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Farm Labor Organizing Committee (FLOC), et al. v. North Carolina

A North Carolina state law guts the ability of farmworkers to organize and make collective bargaining agreements with employers.

North Carolina farmworkers and a coalition of civil rights groups – including the SPLC – sued to block implementation of the law on November 15, 2017 in federal district court. The suit was filed on behalf of the Farm Labor Organizing Committee (FLOC) and two farmworkers, and the defendants are North Carolina Attorney General Joshua Stein and Marion R. Warren, director of the North Carolina Administrative Office of the Courts.

The lawsuit argues that the North Carolina Farm Act of 2017 impedes farmworkers’ First Amendment right to participate in unions. The suit also asserts that the law is discriminatory, as more than 90 percent of the state’s agricultural workers are Latino. The Supreme Court has repeatedly affirmed that the government cannot impose special burdens on expressive associations such as unions.

Specifically, the state law bars farmworker unions from entering into agreements with employers to have union dues transferred from paychecks — even if the union members want it, and even if the employer agrees to the arrangement. Because North Carolina is a so-called “right-to-work” state, dues deductions can only occur when individual workers choose to have dues deducted.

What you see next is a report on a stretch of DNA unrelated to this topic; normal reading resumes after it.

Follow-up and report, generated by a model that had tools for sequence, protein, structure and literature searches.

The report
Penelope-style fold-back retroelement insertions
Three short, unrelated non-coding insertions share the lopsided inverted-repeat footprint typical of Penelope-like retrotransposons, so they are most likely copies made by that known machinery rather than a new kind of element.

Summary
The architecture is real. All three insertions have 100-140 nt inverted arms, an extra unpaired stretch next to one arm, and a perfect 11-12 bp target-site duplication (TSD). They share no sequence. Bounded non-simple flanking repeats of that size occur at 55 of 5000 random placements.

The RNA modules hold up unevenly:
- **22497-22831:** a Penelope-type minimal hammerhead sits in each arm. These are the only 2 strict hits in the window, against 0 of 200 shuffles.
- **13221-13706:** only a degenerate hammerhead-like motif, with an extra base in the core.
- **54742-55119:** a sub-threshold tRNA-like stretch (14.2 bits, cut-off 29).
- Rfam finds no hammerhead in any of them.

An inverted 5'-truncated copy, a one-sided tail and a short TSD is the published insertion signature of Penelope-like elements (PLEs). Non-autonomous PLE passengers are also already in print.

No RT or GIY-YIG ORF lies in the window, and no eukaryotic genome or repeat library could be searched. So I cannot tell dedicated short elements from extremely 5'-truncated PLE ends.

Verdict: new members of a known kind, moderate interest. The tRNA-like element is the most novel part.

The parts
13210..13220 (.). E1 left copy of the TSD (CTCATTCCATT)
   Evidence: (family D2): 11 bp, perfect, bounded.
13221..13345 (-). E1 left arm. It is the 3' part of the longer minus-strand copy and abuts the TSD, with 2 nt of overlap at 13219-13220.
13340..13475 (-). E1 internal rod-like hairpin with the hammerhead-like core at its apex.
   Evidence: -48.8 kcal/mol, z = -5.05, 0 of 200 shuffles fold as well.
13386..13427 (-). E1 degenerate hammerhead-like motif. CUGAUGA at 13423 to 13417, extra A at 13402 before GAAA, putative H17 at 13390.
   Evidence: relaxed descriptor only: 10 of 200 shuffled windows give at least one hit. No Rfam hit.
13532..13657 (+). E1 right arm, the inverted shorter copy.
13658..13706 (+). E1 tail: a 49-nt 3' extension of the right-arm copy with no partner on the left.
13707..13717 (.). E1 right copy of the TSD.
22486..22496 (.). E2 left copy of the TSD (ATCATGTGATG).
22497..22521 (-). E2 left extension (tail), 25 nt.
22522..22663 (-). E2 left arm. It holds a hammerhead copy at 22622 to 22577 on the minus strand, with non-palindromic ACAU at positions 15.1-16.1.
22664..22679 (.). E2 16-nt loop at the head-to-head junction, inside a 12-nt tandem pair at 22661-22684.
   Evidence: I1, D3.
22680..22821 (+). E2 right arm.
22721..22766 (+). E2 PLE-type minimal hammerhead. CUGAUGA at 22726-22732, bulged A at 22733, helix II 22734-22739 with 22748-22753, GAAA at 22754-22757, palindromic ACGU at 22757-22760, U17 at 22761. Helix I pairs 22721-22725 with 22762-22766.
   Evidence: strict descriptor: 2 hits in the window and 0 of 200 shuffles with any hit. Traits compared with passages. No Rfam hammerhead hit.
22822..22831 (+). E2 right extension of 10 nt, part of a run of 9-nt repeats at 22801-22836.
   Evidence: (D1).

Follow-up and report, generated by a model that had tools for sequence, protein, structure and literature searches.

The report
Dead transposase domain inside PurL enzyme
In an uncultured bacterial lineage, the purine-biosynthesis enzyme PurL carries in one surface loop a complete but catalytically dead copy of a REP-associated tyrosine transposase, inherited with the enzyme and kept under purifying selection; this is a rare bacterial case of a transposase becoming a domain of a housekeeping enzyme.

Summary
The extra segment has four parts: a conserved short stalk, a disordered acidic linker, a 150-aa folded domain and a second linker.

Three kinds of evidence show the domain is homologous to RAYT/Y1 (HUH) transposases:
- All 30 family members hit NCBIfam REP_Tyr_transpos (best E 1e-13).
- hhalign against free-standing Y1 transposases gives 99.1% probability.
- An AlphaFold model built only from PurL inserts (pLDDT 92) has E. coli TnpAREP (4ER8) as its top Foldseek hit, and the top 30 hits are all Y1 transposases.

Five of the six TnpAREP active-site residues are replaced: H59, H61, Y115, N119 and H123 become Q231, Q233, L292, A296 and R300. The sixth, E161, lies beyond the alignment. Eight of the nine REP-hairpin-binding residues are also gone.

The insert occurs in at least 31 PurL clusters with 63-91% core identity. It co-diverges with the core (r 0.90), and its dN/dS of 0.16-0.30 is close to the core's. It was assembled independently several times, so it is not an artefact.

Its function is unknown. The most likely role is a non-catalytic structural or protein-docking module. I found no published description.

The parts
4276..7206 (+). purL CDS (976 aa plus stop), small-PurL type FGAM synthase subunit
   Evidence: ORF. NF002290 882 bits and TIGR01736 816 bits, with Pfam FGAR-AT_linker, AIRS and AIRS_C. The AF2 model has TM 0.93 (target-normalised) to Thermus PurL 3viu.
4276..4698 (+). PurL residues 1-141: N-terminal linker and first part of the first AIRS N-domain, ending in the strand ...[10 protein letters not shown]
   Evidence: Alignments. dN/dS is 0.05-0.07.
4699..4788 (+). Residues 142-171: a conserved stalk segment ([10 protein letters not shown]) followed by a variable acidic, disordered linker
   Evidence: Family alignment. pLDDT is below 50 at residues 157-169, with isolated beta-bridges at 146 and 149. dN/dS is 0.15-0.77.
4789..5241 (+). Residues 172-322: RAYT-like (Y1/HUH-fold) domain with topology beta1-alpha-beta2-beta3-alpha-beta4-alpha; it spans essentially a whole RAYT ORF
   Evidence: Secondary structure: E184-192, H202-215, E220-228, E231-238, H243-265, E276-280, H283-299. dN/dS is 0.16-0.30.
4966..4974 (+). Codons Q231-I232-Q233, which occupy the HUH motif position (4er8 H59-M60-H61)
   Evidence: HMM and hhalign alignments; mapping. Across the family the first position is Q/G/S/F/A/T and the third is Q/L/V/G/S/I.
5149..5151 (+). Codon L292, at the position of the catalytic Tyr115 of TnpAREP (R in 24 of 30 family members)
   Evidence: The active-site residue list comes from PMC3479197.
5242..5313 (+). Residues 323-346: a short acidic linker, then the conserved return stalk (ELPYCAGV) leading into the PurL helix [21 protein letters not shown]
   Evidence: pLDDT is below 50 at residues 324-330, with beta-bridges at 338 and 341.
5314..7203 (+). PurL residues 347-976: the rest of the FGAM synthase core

Many of FLOC’s members are guest-workers who lack ready access to U.S. bank accounts, credit cards and other means of making regular union dues payments, and they therefore rely on dues transfer arrangements to pay their union dues. If those arrangements become invalid, the union will be required to divert most of its limited resources to collecting dues individually from each worker.

The law’s primary sponsor was state Sen. Brent Jackson, who owns Jackson Farming Company and was sued for wage theft by Latino farmworkers who were helped by FLOC. State Rep. Jimmy Dixon, an owner of Jimmy Dixon farm in Duplin County, was the only legislator to speak in favor of the anti-worker provisions in the bill on the House floor. He said the law was necessary because “there seems to be a growing wave of folks that are interested in farm labor.”

More than 100,000 farmworkers provide labor to North Carolina farms, helping to generate more than $12 billion for the state economy. The vast majority are Latinos and work seasonally, many under temporary H2A visas.